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Trump’s Megalomania and Boris Johnson’s Incompetence Have Only Increased in COVID Pandemic

Photograph Source: The White House – Public Domain

The US and UK are the nation states that have performed worst in the world in coping with the coronavirus pandemic. Americans and Britons make up more than a third of the 300,000 people worldwide who have died from Covid-19. They have paid the ultimate price for their governments’ slow and incompetent response to the spread of the disease.

Both countries have obvious points in common that explain their excess fatalities: Donald Trump and Boris Johnson are nativist demagogues skilled in winning elections, but not in coping with real crises as opposed to the ones they invent or exaggerate. Their critics had long predicted disaster if either man became national leader and this has finally happened.

I had thought that Trump and later Johnson were safer than they looked so long as they avoided real crises. I was thinking primarily of wars, probably in the Middle East, in the case of Trump. But for all his verbal belligerence towards Iran, he has stopped just short of a full-scale military conflict over the last three years.

In the case of Johnson, I believed that he would muddle through and, if there was a true crisis it would be to do with a no-deal Brexit. This seemed unlikely because he has a track record of carrying out U-turns and retreats while announcing famous victories: this week the government quietly admitted that there would indeed be border checks between Northern Ireland and the rest of the UK, though Johnson had repeatedly denied conceding this as the price of last October’s withdrawal agreement with the European Union.

It was the pandemic that turned Trump’s and Johnson’s character and behavioural flaws into lethal failings that have since killed many people. Both had risen to power by skilfully exploiting nativist fears and ambitions and scapegoating foreigners at home and abroad. They had become like a pair of conmen who have been successfully peddling lies and fantasies, but who must suddenly grapple with a highly-dangerous reality.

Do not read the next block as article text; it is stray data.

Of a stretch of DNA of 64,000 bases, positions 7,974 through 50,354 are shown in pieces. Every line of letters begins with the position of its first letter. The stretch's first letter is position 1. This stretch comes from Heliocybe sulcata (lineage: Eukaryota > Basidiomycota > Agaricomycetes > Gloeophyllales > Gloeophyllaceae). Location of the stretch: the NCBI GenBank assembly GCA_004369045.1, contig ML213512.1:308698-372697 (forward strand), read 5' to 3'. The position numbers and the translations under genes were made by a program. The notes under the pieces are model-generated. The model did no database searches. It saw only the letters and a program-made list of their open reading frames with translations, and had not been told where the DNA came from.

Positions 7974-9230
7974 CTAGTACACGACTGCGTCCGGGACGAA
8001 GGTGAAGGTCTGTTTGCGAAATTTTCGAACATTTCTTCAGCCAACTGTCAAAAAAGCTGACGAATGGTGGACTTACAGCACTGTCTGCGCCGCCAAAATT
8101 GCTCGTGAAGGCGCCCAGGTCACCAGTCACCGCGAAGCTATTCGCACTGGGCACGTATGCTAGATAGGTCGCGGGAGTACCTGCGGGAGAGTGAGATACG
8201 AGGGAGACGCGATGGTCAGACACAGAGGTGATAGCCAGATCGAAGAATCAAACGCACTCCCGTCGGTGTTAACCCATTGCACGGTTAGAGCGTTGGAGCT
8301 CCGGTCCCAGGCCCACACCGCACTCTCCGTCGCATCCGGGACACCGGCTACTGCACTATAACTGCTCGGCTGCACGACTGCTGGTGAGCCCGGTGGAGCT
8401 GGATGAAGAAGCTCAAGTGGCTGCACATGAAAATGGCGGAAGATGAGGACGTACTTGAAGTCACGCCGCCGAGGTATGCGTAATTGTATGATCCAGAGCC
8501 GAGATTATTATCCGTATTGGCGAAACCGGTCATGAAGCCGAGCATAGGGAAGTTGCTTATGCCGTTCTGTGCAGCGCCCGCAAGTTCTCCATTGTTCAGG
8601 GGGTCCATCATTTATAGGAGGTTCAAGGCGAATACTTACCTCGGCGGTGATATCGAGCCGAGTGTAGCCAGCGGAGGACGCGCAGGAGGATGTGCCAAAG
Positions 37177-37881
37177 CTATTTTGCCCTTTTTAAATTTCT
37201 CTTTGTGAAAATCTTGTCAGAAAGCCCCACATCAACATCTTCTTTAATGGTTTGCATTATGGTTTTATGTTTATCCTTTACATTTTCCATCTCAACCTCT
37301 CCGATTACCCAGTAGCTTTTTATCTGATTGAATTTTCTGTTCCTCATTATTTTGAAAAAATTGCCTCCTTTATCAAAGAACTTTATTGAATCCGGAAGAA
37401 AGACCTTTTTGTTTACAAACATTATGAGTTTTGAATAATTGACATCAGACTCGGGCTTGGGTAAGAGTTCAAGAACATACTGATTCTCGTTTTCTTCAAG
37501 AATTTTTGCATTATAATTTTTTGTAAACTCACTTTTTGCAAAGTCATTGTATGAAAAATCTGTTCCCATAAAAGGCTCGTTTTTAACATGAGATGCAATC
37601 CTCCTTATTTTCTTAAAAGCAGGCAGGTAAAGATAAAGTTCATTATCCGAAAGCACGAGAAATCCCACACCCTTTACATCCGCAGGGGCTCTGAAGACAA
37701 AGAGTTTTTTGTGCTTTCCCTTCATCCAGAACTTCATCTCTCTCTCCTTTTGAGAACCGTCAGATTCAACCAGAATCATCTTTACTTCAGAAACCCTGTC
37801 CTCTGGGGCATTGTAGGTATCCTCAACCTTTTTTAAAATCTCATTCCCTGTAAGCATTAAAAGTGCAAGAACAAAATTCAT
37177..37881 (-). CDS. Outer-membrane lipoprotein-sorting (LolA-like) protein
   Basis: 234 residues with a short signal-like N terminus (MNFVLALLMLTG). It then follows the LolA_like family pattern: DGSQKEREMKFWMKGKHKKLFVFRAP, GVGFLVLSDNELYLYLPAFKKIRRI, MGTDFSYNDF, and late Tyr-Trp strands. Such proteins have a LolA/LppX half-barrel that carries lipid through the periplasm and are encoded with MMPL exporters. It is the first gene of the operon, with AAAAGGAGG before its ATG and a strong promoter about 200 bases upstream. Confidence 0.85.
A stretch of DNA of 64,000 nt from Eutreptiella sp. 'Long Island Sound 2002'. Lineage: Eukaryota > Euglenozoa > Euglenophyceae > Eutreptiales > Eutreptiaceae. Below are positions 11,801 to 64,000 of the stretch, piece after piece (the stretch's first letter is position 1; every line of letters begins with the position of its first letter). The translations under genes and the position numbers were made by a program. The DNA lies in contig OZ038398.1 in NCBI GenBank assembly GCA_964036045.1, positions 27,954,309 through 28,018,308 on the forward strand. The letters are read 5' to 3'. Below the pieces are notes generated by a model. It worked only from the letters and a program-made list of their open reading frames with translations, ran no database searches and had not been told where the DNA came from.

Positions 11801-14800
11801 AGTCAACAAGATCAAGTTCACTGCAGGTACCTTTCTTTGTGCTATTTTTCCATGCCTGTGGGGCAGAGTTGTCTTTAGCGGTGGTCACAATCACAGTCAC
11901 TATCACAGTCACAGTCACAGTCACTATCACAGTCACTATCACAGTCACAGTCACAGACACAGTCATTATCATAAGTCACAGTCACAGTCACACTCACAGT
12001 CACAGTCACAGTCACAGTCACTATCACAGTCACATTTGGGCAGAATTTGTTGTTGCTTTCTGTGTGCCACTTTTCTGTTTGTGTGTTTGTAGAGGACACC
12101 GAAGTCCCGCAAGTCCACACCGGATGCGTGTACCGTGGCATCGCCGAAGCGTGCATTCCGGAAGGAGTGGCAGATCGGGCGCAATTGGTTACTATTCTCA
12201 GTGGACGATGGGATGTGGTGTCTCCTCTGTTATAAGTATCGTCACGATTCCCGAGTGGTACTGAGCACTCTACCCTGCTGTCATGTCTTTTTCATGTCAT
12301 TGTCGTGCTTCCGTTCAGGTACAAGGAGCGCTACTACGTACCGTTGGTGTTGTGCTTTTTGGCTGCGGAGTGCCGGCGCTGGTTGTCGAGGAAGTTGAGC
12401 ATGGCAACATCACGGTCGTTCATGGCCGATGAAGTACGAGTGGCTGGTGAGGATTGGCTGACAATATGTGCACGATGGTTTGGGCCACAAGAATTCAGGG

In Graham Greene’s novel Our Man in Havana, an amiable British businessman selling vacuum cleaners in pre-Castro Cuba bamboozles MI6 by inventing a string of well-paid secret agents. He passes off his scaled-up drawing of a vacuum cleaner as a mysterious weapon of mass destruction. As an accidental conman, he believes that he is safe from trouble because neither his agents nor the secret they have discovered actually exist, but because there are those who believe his imaginings, he unexpectedly has to deal with a dangerous reality in which real people begin to die.

Trump and Johnson are both like Greene’s conman in that they suddenly had to deal with a real crisis instead of a fictional one. Unsurprisingly, they have been manifestly incompetent in doing so with the result that their highly-developed countries lead the world in the number of deaths. In dealing with the all-too-real lethal coronavirus, they have not only done worse than powerful well-resourced states like Germany and South Korea, but also worse than poor and weak ones like Slovakia in Europe and Kerala in India.

Neither leader has risen to the challenge. Instead, it is the most negative and damaging aspects of their personalities that have become more pronounced under pressure. Trump was always self-obsessed, mendacious and authoritarian, but he has visibly turned into a ranting megalomaniac in the last five months.

Johnson, for his part, was always a shambolic opportunist, at one moment aping Shakespeare’s Falstaff and, at another, Winston Churchill in 1940, but it is the present catastrophe that made his poor judgement and contempt for facts such a lethal combination.